Likewise, once Karl had done the job I could jump on and within a few minutes things felt much better. Oh, to find a group of prospects willing to share their unbiased views on the recent changes you put across your website. Nevertheless, having the mindset that the conversion optimisation process is really just a very special “fitting” process helps you to notice and avoid some of the common mistakes people make during this process.

Mistakes like deciding that a test isn’t worth running because someone in the management team doesn’t “think” it’s worthwhile. When really the “fitting” process is between the prospects and the website not the management team and your pages – so in a pure sense any opinions other than those of your prospects, while interesting, are not important.

This leads me nicely onto the next point. You need enough test feedback from your prospects to prove what does and doesn’t work. The most simple test is an AB split test. This is where you share your site’s traffic equally between two versions of your web page. Statistics tells us that there is a minimum number of actions required to occur across both versions before you can reliably predict all future interactions. So, even though your favourite page design of the two being tested may be responsible for the first eight of the twelve total conversions, this still may not be enough to cancel the test and announce it and yourself as the winner. Fortunately, Google makes calculating this a doddle with its Conversion Optimiser tool set.

And then there’s the realisation of what needs to change on your website to make the fit work. My back told me through the pain I experienced that there was no way it was going to mould itself nicely to fit my new bike. This left me with no choice but to get my bike altered to match my spine. Likewise, don’t expect your prospects to alter their behaviour and miraculously make your website work – you’re going to need to get down and dirty with some HTML changes to make any progress.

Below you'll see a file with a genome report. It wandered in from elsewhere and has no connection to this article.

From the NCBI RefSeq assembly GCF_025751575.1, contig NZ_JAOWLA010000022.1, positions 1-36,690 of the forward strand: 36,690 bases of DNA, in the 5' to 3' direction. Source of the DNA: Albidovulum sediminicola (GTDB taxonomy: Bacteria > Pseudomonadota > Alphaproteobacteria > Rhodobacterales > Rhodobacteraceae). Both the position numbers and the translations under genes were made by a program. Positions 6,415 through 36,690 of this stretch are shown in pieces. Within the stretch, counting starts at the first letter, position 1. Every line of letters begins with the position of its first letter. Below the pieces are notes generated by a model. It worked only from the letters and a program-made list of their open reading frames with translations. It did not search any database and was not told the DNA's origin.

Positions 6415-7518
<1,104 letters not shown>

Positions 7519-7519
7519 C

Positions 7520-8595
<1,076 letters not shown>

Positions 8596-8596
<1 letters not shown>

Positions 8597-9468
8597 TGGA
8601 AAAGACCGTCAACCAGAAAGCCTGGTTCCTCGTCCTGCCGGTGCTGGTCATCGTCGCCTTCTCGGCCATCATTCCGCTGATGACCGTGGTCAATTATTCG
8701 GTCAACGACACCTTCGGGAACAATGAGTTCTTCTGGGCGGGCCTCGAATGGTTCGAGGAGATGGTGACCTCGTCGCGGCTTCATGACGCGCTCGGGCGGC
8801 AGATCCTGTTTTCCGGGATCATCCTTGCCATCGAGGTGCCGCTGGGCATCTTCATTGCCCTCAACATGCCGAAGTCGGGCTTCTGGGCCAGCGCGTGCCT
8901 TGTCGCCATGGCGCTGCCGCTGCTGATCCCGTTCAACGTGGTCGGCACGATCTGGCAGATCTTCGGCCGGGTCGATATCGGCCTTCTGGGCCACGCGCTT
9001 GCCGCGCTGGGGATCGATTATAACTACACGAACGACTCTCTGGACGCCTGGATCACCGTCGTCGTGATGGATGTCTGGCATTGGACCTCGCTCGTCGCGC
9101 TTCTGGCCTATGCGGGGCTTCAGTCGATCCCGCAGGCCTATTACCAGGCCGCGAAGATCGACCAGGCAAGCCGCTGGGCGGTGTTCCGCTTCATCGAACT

Which leads me to my final comment. These changes are going to be unique to you and your prospect audience. Now, I am an aging cyclist with a very average back and one leg that is longer than the other (which is apparently more common than you would imagine). This all meant that Karl had to make some rather unique adjustments to my bike to make it match my body.

The same logic will apply to your website. It too will need some unique changes and tweaks to fit your pages to your prospects. So don’t expect an alteration – or even a website design – that worked for one business selling to a different category or geographic location to work for you. It probably won’t.

So there you have it. The team here find the process of fitting a website to a prospect audience a really stimulating challenge. We don’t have the luxury of observing live prospects working through our client’s website – like Karl enjoys – but still, there’s something very satisfying in seeing the results of a test prove that those pages fit a bit better than they used to.